Re: The Logic of Page Charges to Free the Journal Literature

From: Stevan Harnad <harnad_at_COGLIT.ECS.SOTON.AC.UK>
Date: Fri, 7 May 1999 20:23:11 +0100

On Tue, 4 May 1999, Steve Hitchcock [shi] wrote:

> sha> Why would anyone want to continue paying for what they can get for free?
shi> Good question, and one for the commercial players to
shi> answer. Non-exclusivity is the lever to get them to answer, and it would be
shi> good not just for authors and users, but publishers too. I think it is
shi> possible to build enhancements that are worth paying for - and there are
shi> many good examples in many fields, such as open source software. In
shi> contrast, exclusive copyright is a drag on publisher innovation.
shi> I see the e-print archives as the open source software model for scholarly
shi> publishing.

Not really clear exactly what "non-exclusivity" and "open source" mean.

If they mean that the author retains the right to self-archive his
paper for free for all, all is well.

But [the following is absolutely critical]: if PEER REVIEW is treated
as one of the "enhancements," so the author can only self-archive the
non-enhanced, hence non-peer-reviewed draft, then
non-exclusivity/open-source does not achieve the objective of freeing
the refereed literature.

So if non-exclusivity applies to the refereed final draft, and authors
self-archive the refereed final draft, no problem, and market forces
can decide whether there is anything else left to sell. But if it
applies only to the unrefereed preprint, then the problem of how to pay
for peer review remains with us, and up-front author page charges again
look like the only viable option.

> sha> Now do you see the logic of why it does not make sense to recover that
> sha> 30% directly via S/L/P barriers?
shi> No. The open source model does not prescribe how market forces will
shi> develop. I believe that page charges will be at best a niche market,
shi> because I see little demand from authors, readers, publishers or
shi> librarians, and there are few incentives at the moment.

The incentive will come only when it is clear that there is no other
way to free the refereed literature. (If there is another way to do so,
then I agree that the incentive will never come.)

shi> But my view doesn't
shi> matter because it is not a market driver. The point is that open source
shi> should produce a better cost model for our papers, whether it's S/L/P or
shi> page charges. So I can't see the point of this part of the argument.

It all depends entirely on which side of the S/L/P access barrier the
refereed draft falls on. To be free, it has to be able to bypass
S/L/P tolls barriers.

shi> Assume there is a global e-print archive freely available, and that
shi> principal goal has been achieved.

For unrefereed preprints or for refereed reprints too? Only with the
latter is the goal achieved.

shi> Your next concern is that we still have
shi> the refereed journals to certify papers. Since you believe that people will
shi> not pay for what is free elsewhere - this may be a core fallacy - we have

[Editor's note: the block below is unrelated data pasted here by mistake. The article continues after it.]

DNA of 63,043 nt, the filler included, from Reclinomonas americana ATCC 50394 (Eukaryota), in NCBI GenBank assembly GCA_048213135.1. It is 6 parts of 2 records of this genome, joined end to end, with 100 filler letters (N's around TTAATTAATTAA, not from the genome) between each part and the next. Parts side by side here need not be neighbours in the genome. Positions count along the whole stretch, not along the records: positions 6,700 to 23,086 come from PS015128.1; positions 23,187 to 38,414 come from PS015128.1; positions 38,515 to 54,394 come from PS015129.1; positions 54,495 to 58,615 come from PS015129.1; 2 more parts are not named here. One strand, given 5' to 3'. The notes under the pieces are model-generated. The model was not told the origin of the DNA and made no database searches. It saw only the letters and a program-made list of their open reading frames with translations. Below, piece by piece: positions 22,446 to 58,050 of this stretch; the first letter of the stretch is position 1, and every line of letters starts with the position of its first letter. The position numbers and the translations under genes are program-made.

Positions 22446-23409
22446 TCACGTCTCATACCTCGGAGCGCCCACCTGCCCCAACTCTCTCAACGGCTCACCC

shi> to recover the costs of refereeing via upfront page charges to protect the
shi> journals. In other words the fallacy leads you to think that without income
shi> guaranteed by page charges the journals will be abandoned. I don't think
shi> it's remotely likely that publishers will abandon the journals even if they
shi> have to cede exclusivity to the archive. On the other hand, if the large
shi> share of the academic 'market' somehow opts for page charges that would
shi> represent a bigger threat to the journals than otherwise would be the case.

I would prefer not to entrust the prospects of a free, refereed literature
to the possibility that refereeing will continue to be paid for out of
revenues from selling "enhanced" versions when the refereed version is
also available for free. The appeal of the "enhancements" would have to
be at least as great as the appeal of the refereed literature itself
(the generic, unenhanced literature that we have now, and that has been
the only refereed literature we have ever known) if we are to imagine
them holding onto enough of the market to subsidize the free ride of
the unenhanced refereed versions. It seems much more realistic to plan
for the much more likely market contingency: That most of the market
will be lost to the free version, as it would be with any other

shi> Wouldn't it make sense to concentrate on non-exclusivity in pursuit of a
shi> free global archive, leave the 30 per cent S/L/P stuff alone, then let
shi> market forces work?

Only if it would make more sense for enough people and institutions to
continue paying S/L/P fees for "enhancements" even after the refereed
literature is available free for all. Otherwise it's better to try to
think of some other way to cover the essential costs of producing the
"unenhanced" but refereed version. Those are the costs of implemenmting
peer review, the <30% stuff...

Stevan Harnad [sha]
Professor of Cognitive Science
Department of Electronics and phone: +44 1703 592-582
Computer Science fax: +44 1703 592-865
University of Southampton
Highfield, Southampton
Received on Wed Feb 10 1999 - 19:17:43 GMT

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